One of many peoples favorite past times is hiking through the peace and quiet of the wilderness. Before setting out on a hike there is one essential that no hiker should be without, a map.
The map identifies the landmarks and directions of the trail you are taking and without it one can easily become lost.
You might ask, what does hiking have to do with “the way of Yahweh?” Everything! It is the core teaching of God’s word.
We view the Bible from a western abstract perspective and view such Biblical words as law, commandments, righteousness, wickedness , judgment and repentance from an abstract point of view. But what will be presented here is a Biblical Hebraic point of view for these words which are the very same concrete concepts as taking a hike in the wilderness.
We will begin this investigation with the Hebrew word מדבר (midbar), usually translated as wilderness.
Because the Hebrew language is a root oriented system where all the words from any given root are related in meaning, it is beneficial to examine the root of any given word, as well as the other words that are derived from that root. In the case of the word midbar, the root is the three letters dalet-beyt-resh, davar, a Hebrew root meaning word. At first glance, their does not seem to be any connection between midbar meaning wilderness and DBR meaning word, that is until we dig a little deeper.
All three letter Hebrew roots, such as DBR, are themselves derived out of a two letter root or parent root. The parent root of DBR is the letters dalet and resh, DR, meaning a circle which is a symbol of order (it is interesting that our word order includes this ancient parent root). From DR come several three letter roots, each having to do with order.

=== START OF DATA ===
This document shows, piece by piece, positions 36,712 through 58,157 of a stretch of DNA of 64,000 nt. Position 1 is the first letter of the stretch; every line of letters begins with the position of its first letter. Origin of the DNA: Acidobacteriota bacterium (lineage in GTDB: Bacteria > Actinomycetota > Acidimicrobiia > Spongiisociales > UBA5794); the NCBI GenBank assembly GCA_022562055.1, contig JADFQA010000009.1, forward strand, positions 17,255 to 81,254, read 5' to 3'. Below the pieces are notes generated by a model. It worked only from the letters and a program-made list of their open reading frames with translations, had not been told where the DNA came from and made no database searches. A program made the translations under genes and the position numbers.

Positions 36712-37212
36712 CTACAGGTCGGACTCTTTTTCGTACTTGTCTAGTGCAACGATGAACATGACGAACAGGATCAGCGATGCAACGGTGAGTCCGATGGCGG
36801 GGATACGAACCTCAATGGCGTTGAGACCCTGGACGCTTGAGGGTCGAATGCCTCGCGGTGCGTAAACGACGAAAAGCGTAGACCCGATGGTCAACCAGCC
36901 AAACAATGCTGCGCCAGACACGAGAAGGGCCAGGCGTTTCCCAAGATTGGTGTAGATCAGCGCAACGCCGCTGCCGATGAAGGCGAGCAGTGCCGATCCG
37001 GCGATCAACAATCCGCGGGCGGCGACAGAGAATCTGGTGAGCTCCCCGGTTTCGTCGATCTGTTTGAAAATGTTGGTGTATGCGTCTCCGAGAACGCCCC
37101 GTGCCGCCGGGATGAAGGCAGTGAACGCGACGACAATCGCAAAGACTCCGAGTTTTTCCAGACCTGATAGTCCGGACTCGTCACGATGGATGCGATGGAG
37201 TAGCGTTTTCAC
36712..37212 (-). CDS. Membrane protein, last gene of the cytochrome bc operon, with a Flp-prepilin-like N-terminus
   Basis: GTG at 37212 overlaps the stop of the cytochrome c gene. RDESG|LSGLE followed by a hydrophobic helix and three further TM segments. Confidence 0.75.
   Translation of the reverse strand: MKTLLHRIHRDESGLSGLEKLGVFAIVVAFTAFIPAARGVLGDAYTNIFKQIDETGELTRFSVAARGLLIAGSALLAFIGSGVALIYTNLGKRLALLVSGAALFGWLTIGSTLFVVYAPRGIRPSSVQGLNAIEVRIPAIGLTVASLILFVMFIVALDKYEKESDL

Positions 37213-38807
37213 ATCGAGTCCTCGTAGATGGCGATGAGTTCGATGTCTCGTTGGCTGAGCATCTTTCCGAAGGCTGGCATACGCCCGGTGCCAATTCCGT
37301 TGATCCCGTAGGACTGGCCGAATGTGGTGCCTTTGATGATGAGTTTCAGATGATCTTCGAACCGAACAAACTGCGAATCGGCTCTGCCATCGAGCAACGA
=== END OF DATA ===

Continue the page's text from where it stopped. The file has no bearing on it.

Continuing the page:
GDR – To encircle or enclose to keep order
SDR – To set in order
AhDR – To arrange in order
DBR – To combine in order
Several words are derived out of the root DBR, each having to do with a combined order.
DaBaR – as a noun it means word, which when combined in order with other words, sentences are formed.
DaBaR – as a verb it means speech, a combination of words.
DeBoRah – is a bee, a colony of combined insects living in perfect harmony/order.
miDBaR – a place of harmony/order, the wilderness.
To see the Hebraic understanding of the wilderness as a place of harmony, we can contrast it with its understanding of a city, which in Hebrew is עיר (iyr). This word is derived out of the parent root ער (ar), meaning “enemy” and from this parent root is derived other words, each conveying the idea of chaos, the opposite of order.
Or – Blind
Ya’ar – Forest, a dark place
Sa’iyr – Goat, from its black hair
Erev – Evening, from its darkness
Anyone who has hiked in the wilderness has experienced its harmony and anyone who has walked the busy streets of a city has experienced its chaos.
As a people who live in the wilderness, the Hebrews are, by necessity, a nomadic people. A nomad survives on his livestock, usually sheep and goats, which supply him with hair and hide for his clothing and tents and meat and milk for his food. To sustain his livestock, and in turn himself, he must migrate from pasture to pasture.
This nomadic lifestyle is the foundation to the entire Hebrew language. Almost every word in the Hebrew language is rooted in this nomadic culture and without understanding the culture properly, misinterpretation and misunderstandings of the text are the result.